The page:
Bennett Says Will Strive for Stable Right-wing Government, Prevent Fifth Election

After President Rivlin tasks Netanyahu with forming government, Bennett says won't lead a 'left-wing' coalition ■ Smotrich: Support from Islamist UAL party will lead to more Arabs voting, left-wing control

Jonathan Lis
Jonathan Lis
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Yamina head Naftali Bennett waving to supporters on Election Night last month.
Yamina head Naftali Bennett waving to supporters on Election Night last month.Credit: Tsafrir Abayov/AP
Jonathan Lis
Jonathan Lis

Yamina chairman Naftali Bennett said on Tuesday he would act to form a stable right-wing government, and would not sit at the head of one that was "essentially left-wing."

President Reuven Rivlin on Tuesday picked Netanyahu to try and form a new government after an unprecedented fourth election in under two years.

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Bennett said the government must reflect the national consesus regardless of its personal components. He wished Netanyahu luck, and said Yamina would attend any talks to form a stable right-wing government with goodwill.

"There are some who call themselves right-wing who have no problem with dragging Israel into another election cycle," he said in veiled criticism against National Zionism chairman Bezalel Smotrich. "There aren't ideals there, there are ambitions."

Bennett clarified that he will also not join a left-wing government. "There are some on the other side who believe that in the name of our good will to bring stability, I will abandon my nationalist stances in order to establish a government that is essentially leftist which I will lead," he said. "Both sides are mistaken."

Following Bennett's announcement, New Hope chairman Gideon Sa'ar said his party is prepared to join two possible governments: "One is a government of the national camp led by one person," the statement read. "The other option is a government for change or an equal unity government with special arrangements that would allow us to stand by our worldview."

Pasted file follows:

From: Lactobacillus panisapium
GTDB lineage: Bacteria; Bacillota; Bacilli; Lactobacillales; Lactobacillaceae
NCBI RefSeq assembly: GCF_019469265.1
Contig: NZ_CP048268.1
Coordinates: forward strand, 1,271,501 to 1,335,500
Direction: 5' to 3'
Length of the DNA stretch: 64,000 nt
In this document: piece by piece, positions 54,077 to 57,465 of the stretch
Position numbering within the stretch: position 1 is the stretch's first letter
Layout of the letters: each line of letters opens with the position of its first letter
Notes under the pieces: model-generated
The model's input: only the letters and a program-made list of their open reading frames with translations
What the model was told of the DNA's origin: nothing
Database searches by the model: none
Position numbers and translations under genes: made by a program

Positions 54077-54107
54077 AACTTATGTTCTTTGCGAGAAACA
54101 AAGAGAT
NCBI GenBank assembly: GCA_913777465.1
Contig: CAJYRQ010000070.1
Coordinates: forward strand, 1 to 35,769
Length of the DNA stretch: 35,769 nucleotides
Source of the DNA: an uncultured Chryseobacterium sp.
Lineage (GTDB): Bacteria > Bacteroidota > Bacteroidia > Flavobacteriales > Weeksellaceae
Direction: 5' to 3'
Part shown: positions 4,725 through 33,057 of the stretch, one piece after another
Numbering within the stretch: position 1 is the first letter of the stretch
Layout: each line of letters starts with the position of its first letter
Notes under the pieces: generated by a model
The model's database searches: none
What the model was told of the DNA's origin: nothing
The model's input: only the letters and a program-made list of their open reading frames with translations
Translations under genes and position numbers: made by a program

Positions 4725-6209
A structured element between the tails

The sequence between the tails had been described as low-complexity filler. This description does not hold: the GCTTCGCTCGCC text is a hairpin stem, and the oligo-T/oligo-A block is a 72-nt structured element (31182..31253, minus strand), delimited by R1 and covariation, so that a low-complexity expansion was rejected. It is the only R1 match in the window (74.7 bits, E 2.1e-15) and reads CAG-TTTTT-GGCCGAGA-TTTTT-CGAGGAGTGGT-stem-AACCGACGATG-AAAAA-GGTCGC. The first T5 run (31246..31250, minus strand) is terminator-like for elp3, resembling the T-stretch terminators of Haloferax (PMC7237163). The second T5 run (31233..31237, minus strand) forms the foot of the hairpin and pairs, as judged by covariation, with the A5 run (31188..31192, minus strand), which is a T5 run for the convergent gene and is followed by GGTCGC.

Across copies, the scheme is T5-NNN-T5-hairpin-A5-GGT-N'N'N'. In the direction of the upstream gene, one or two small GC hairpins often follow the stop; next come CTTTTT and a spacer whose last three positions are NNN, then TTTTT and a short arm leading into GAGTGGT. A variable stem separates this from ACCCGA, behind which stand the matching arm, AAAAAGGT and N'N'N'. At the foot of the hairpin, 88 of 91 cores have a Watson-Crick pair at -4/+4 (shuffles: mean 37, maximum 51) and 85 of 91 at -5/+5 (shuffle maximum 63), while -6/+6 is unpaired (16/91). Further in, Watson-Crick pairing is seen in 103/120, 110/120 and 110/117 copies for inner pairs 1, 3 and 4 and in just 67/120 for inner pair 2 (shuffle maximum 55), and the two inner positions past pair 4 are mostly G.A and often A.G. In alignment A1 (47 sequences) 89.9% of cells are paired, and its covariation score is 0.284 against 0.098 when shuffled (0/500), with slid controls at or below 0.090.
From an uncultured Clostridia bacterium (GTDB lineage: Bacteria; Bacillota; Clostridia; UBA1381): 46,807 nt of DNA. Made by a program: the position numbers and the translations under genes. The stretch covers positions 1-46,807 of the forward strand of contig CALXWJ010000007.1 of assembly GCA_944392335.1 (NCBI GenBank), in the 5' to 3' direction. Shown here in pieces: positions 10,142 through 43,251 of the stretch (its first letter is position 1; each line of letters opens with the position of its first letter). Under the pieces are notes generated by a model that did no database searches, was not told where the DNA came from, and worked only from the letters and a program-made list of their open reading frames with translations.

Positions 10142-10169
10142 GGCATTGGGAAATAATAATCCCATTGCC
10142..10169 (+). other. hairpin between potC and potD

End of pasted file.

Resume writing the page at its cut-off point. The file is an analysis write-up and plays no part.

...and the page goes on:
Sa'ar emphasized that a right-wing government led by one person who is not Netanyahu is "a radical idea, but we should start getting used to it."   

Smotrich, meanwhile, doubled down on his insistence that he will not be part of a government supported by the Islamist United Arab List party on Tuesday. He claimed that doing so would increase the number of Arab voters, thereby establishing a left-wing government. "The combination between them is a disaster for the Jewish State, no less," Smotrich wrote on his Facebook page.

He wrote that Netanyahu is aware, as well as his coalition partners in Shas and United Torah Judaism, that the right-wing bloc will fall in the long term if Mansour Abbas' party enters the government. Bennett, Smotrich said, is heading full-tilt towards a government that would require at least the passive support "of these terror supporters." He added, "In the next Knesset, there will be about 18-20 Arab MKs, who will join the left and give them the government for many years."

Bennett's Yamina, in response, said that Smotrich is a "snake in a righteous man's clothing" who has stepped on many people to advance his career. "It's all in the guise of 'in the name of God' and out of 'lofty ideals.' He tries to enslave the religious Zionist public by force for personal purposes while tarnishing and humiliating this public." Yamina, it added, will continue working toward establishing a "good and stable nationalist government."

Netanyahu was endorsed by 52 lawmakers, falling short of a 61-seat majority. Members of Likud, Shas, United Torah Judaism and Religious Zionism have endorsed Netanyahu. Another 45 lawmakers recommended Yesh Atid leader Yair Lapid: members of his own party, Kahol Lavan, Labor, Yisrael Beitenu and Meretz. Yamina's seven lawmakers recommended Bennett. New Hope, the Joint List and the United Arab List told the president that they were unable to endorse any of the candidates.

Bennett and Yesh Atid’s Yair Lapid have been holding intensive talks over the past two days in an effort to form a joint government, brokered by New Hope lawmaker and former Likud member Zeev Elkin.

Had these discussions begun earlier, Elkin told President Reuven Rivlin on Monday, the anti-Netanyahu bloc may have come to an agreement on a candidate for prime minister by Monday, when recommendations to the president were given.

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